The Japanese Akita is a mountain dog from the spitz grouping, and is native to Japan. They are large, powerful dogs that can be prone to dominance, but also make for excellent guard dogs and protectors, as well as personable and loving family companions.
As the Akita has become more and more widely known worldwide, they are becoming ever more popular as pets within the UK, where they are legal to own. However, in various other countries, the breed is subject to some restrictions as part of dangerous dog legislation, and as a dog that is both large and strong, require a confident and experienced owner who is able to manage the breed properly. Despite this, the Akita is also renowned for being gentle and loving with children, protective and loyal with their families, and clean and good natured within the home.
If you are interested in the Akita dog breed and may be considering ownership of one, it is of course vital to do plenty of research before committing to a purchase. With this in mind, it is wise to make yourself aware of some of the breed-specific health issues that the Akita can be prone to, and which can affect the dog’s longevity and quality of life. In this article, we will look at the health and longevity of the Japanese Akita Inu in more detail. Read on to learn more.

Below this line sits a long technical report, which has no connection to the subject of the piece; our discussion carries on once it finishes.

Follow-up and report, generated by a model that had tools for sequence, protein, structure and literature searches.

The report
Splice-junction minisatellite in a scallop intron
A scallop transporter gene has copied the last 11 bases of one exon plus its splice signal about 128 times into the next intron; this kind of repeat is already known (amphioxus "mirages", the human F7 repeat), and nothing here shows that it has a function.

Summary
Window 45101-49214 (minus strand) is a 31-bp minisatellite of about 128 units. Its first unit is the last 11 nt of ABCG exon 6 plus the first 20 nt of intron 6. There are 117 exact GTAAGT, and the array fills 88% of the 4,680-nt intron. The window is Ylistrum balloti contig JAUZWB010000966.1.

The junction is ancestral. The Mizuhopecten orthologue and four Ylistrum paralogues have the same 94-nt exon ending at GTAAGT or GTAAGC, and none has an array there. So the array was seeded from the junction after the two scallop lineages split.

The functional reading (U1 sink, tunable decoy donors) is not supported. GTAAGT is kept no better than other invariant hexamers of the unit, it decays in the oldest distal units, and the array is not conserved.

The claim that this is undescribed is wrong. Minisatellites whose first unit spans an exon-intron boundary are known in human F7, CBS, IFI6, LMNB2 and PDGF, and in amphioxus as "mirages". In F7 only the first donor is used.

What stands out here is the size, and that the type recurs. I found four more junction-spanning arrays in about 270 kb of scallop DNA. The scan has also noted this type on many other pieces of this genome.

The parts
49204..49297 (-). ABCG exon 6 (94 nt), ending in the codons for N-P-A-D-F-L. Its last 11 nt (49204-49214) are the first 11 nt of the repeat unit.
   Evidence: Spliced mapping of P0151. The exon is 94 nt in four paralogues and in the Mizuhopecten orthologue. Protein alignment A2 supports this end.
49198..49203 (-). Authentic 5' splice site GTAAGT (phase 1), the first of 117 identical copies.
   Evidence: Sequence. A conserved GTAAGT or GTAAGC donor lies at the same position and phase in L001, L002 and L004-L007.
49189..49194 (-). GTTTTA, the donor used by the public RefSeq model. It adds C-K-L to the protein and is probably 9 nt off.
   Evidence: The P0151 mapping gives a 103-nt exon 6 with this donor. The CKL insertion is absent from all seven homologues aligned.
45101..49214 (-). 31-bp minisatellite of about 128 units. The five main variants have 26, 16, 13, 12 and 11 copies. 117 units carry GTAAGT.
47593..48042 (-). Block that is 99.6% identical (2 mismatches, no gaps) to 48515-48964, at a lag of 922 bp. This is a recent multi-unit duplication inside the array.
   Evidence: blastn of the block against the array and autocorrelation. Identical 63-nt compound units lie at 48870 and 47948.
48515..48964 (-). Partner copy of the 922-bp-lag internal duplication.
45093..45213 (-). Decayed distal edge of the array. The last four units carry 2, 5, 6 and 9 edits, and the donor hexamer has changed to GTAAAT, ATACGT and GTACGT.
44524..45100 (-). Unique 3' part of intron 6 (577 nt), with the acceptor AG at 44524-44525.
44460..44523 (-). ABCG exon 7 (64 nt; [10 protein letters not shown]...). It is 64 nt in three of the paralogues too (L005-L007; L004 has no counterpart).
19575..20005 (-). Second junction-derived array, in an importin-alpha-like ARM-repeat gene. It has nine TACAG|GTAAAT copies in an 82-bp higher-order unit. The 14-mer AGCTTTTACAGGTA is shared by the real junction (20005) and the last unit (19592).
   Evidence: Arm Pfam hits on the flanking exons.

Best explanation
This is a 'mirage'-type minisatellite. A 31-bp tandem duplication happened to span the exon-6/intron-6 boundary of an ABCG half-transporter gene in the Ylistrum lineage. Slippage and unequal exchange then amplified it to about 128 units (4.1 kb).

The average lifespan for dogs of the breed is generally around ten years, which is slightly lower than the norm for other breeds of a similar size and weight, with twelve years of age being the general average for dogs of the same sort of size.
First of all, it is important for all Akita owners and the vets that treat them to be aware that the breed as a whole is known to have a heightened sensitivity to certain medications, including vaccines, tranquilisers and veterinary drugs. This means that any treatment must be handled extremely carefully, including the administration of standard vaccines, due to the dog’s elevated chances of sensitivity to certain medications.
Various Asian dog breeds including the Akita are prone to a condition called pseudohyperkalaemia, which means a high level of potassium in the blood stream. This means that when performing blood tests, dogs of the breed may return a false positive on lab results for hyperkalaemia.
There are quite a few autoimmune conditions that are known to be present within the Akita breed pool, but that will not necessarily affect all dogs of the breed. Some of the most common of these are:
On top of the various autoimmune conditions that may affect the Akita, there are also various inheritable immune-mediated endocrine conditions that are hereditary and found within the breed as well. These include:
Some other conditions that have a potential genetic aspect to them that are seen relatively commonly within the Akita dog breed include:
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